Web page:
Tonight, after reading and listening to a podcast for a few hours, I felt stir-crazy from sitting for so long. I needed to get up. Specifically, I felt like trying out the Movements I saw on the Netflix series “The OA”. I was just about to do that when I remembered I could not get up.

This is not the first time I have forgotten my limits. Sometimes when I wake up, I plan on walking to the closet to pick out my clothing. It takes a few seconds of trying to swing my legs the edge of the hospital bed (how I miss the ankle-aching cold of morning floorboards beneath my bare feet!) to remember I can’t walk that far.

Perhaps I forget because I can walk in my dreams. Every time. However, even in my dreams, I am aware that walking is unusual for me. Usually, I dream that I am walking and then suddenly remember that, like Cinderella and her pumpkin and rag dress, my legs will return to being essentially useless by midnight. Sometimes, I even feel them weaken and my knees buckle. Even in my dreams, I cannot escape my disease.

Shrugging off the crushing weight of realizing my disability anew, I force myself to forget that I am stuck sitting and will continue sitting for the rest of my life, or until a cure is found. I look at Evan and my pets and try to let the feeling of being loved overwhelm the feeling of being trapped.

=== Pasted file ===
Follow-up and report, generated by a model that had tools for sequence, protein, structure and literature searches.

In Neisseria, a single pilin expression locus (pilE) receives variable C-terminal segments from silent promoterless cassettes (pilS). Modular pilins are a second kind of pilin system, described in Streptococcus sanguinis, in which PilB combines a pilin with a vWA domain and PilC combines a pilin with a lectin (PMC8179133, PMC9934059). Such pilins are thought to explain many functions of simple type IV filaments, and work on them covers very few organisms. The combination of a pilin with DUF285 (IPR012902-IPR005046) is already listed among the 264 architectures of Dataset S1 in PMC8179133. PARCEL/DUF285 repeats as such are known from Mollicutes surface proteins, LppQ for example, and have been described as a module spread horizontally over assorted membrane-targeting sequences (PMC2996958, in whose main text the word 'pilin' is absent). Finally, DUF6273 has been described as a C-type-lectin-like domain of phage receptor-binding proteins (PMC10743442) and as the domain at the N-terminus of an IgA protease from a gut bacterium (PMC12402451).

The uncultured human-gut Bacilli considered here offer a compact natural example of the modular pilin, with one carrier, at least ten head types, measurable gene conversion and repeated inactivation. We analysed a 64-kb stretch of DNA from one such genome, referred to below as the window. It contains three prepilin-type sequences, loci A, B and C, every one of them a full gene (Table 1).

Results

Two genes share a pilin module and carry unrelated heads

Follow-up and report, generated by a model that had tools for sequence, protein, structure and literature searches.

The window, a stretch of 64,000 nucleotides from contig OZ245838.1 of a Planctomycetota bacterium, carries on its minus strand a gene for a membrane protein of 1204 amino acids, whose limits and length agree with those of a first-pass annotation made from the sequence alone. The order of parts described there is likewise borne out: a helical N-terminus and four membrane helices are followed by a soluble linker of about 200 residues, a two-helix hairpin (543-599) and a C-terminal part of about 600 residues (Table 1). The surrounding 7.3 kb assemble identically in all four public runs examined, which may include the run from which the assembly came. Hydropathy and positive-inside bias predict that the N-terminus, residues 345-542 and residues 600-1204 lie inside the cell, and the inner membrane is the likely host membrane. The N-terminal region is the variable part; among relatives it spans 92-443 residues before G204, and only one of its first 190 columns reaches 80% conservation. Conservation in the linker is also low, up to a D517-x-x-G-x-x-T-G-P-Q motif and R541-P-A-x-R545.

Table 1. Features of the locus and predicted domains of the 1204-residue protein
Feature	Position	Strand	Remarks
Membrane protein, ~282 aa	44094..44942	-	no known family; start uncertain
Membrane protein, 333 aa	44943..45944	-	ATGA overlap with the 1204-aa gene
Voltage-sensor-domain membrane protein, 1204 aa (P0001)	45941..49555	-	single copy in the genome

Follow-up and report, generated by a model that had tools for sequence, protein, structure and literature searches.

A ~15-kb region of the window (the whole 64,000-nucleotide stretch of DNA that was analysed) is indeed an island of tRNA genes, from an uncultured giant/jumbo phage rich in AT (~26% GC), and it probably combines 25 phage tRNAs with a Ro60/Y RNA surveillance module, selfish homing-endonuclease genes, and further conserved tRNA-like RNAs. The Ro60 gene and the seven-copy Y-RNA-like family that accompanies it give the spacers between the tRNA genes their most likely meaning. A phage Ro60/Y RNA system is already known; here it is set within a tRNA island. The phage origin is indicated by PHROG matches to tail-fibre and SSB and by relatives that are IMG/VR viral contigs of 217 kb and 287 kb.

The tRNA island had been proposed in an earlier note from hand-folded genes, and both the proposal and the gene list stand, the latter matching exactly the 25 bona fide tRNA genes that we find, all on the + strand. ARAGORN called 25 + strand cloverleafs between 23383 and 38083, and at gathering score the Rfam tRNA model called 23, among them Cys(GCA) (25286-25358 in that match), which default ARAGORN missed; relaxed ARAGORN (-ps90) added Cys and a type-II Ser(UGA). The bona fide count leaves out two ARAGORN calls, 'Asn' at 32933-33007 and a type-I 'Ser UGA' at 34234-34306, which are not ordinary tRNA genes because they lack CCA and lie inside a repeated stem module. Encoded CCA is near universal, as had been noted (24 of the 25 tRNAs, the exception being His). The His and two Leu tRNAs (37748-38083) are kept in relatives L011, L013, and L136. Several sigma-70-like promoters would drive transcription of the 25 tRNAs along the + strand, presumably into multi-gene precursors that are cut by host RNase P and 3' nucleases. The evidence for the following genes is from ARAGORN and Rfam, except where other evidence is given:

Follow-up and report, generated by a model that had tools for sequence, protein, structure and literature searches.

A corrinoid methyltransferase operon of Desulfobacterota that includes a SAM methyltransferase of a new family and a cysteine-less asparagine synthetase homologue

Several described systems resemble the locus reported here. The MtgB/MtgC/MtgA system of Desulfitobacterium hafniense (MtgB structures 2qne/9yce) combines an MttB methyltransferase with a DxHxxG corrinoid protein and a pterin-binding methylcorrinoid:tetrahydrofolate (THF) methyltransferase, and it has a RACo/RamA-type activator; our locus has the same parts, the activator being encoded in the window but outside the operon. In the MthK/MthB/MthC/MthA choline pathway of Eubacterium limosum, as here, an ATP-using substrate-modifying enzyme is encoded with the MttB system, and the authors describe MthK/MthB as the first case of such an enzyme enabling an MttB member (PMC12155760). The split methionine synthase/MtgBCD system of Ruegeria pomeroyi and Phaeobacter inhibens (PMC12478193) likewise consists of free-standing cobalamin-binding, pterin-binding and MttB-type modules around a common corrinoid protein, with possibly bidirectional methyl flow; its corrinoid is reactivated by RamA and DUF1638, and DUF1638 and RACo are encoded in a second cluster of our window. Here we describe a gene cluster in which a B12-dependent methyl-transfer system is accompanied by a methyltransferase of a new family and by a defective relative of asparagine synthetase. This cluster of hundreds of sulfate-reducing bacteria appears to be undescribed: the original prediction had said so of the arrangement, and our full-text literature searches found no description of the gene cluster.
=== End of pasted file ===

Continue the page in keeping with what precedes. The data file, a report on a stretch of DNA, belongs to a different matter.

5 thoughts on “Sleepwalking

  1. EDGMA GARCIA says:

    Even with the realization that your legs have failed you, I love that you share, that it’s LOVE that comforts you!!!

    My husband is living with ALS as well, and I pray every night that even with the twitching and achyness…he feels the great love that I have for him.
    Thank you making me feel like it not a silly thought!! I am so grateful that you are sharing your journey.


    • howilivewithals says:

      First, thank you for reaching out. ALS can isolate us if we let it. Second, never ever feel silly for hoping and believing in the power of your love. The fact that your husband can count on you to be with him in his suffering makes a difference in a way you might never fully understand. I am able to keep fighting because I do not have to fight alone, and I am certain your husband feels the same.


  2. Josie says:

    Praying a cure is near breakthrough. Thank you so much for taking time to share a piece of you, here. You are an inspirational young lady. I always find some form of positivity and love in every entry. Never lose that. Or your sense of humor ive noticed after binge reading past posts. Sending you lots of love….. until next time xoxoxox hang in there.


  3. Kelly Lynn Kagoshima says:

    Thank you for the hope you share through your losses. I am 47 years old and was diagnosed in Dec 2016. I am so fearful of the loss of movement. Right now, only my speech/swallow is affected.


    • howilivewithals says:

      Hi Kelly, thanks for reaching out. I am so sorry that you are suffering. I hope we will see some great new treatments as more drug trials are underway so you can keep mobility, but know that no matter what happens, you will be astounded by your strength and resilience. Keep in touch!


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